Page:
Daseke Inc. officials said the freight market may have bottomed out in the second quarter, as the company reported year-over-year (y/y) declines in revenue and earnings per share.

“Today, Daseke’s updated outlook now assumes no improvement in current freight market conditions in the second half of the year,” CEO Jonathan Shepko told analysts during a call on Thursday. “The supply-demand relationship remains unbalanced, with demand elusive and carriers exiting the industry at a much more sluggish pace than they entered the market in 2021 and 2022.”

The Addison, Texas-based flatbed and specialized transportation provider posted second-quarter revenue of $407 million, a 15.3% year-over-year decline compared to the same period last year.

Daseke (NASDAQ: DSKE) recorded net income of $6 million in the second quarter, or 7 cents per share, a 71% y/y decrease compared to $18 million, or 24 cents per share during the same period in 2022.

The company missed on key Wall Street estimates, which called for earnings per share of 24 cents and revenue of $423 million during the second quarter.

Daseke’s adjusted earnings before interest, taxes, depreciation and amortization is now forecast in a range of $200 million to $210 million for 2023, modestly lower than the previously guided range of $210 million to $220 million.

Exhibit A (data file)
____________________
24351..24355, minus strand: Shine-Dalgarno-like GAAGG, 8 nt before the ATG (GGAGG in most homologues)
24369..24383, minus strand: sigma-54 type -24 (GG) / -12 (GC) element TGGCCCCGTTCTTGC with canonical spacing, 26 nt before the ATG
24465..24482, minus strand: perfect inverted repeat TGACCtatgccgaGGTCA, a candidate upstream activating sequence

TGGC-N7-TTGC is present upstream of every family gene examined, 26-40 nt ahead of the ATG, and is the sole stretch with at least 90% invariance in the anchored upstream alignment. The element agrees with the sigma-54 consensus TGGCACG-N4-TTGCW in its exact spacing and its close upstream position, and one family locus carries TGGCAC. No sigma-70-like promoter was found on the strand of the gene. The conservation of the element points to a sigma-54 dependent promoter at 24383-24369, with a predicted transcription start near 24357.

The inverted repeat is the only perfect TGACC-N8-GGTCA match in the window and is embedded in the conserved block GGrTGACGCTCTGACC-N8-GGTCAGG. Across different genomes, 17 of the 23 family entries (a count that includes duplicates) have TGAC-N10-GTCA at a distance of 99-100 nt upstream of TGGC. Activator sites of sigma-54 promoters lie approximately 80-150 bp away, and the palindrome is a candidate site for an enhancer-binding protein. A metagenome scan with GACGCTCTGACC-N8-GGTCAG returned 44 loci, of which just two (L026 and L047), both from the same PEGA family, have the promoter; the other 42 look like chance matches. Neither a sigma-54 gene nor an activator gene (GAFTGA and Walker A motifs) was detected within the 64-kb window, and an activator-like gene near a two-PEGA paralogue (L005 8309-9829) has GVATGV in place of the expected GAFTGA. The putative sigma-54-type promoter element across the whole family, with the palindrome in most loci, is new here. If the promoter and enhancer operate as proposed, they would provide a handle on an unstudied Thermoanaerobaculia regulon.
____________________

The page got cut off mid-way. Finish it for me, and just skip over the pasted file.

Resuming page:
Shepko said the company’s flatbed operations in the Pacific Northwest saw “demand degradation” in the building materials market.

“In the Pacific Northwest … about 30% or so of our overall portfolio is made up of construction, and probably 20% of that is residential-facing,” Shepko said. “A lot of that material sits in the Pacific Northwest, so they do a lot of building materials … roofing shingles, lumber, and we just haven’t seen inventory drawdowns up there at the kind of retail or supplier level or at the manufacturing level, wholesaler level. So things are absolutely sitting there.”

In comparison, Daseke’s flatbed operations in the Southeastern has been producing better results.

“Our Southeast flatbed segment, which is probably about 80% of our total Southeast composition, did very well,” Shepko said. “They executed and drove improved productivity. They looked to diversify their end markets and get out of more volatile end markets. They picked up additional dedicated business. They’re really shifting their sales teams to find more dedicated business to provide that kind of baseload and that resiliency.”

Shepko said to offset the weak freight market, the company tightened its balance sheet and enhanced its EPS — using excess cash to reduce higher-cost components of its capital structure, reducing gross debt and lowering ongoing costs. 

“We remain focused on improving our operational efficiency and leaning into our asset-right strategy to dampen the impact of the contracting freight environment from its historic highs of the second quarter of 2022,” Shepko said.

DasekeQ2/23Q2/22Y/Y % ChangeTotal revenue$407.3M$481.3M(15.3%)Specialized:Revenue$239.4M$266.2M(10.1%)Freight revenue $162M$173.3M(6.5%)Brokerage revenue$40.6M$44.3M(8.4%)Average company tractors2,0501,871(9.6%)Freight revenue per tractor$66,800$74,500(10.3%)Total miles (millions)48.648.9(1%)Adjusted OR%90.4%88%2.7%Flatbed:Revenue$167.9M$215.1M(22%)Freight revenue$121.7M$132.4M(8%)Brokerage revenue$22.6M$47.6M(53%)Average tractors2,4302,3593%Freight revenue per tractor$50,400$57,000(12%)Total miles (millions) OR%95.1%87.7%8.4%Adjusted earnings per share$0.07$0.24(71%)Daseke’s key performance indicators.

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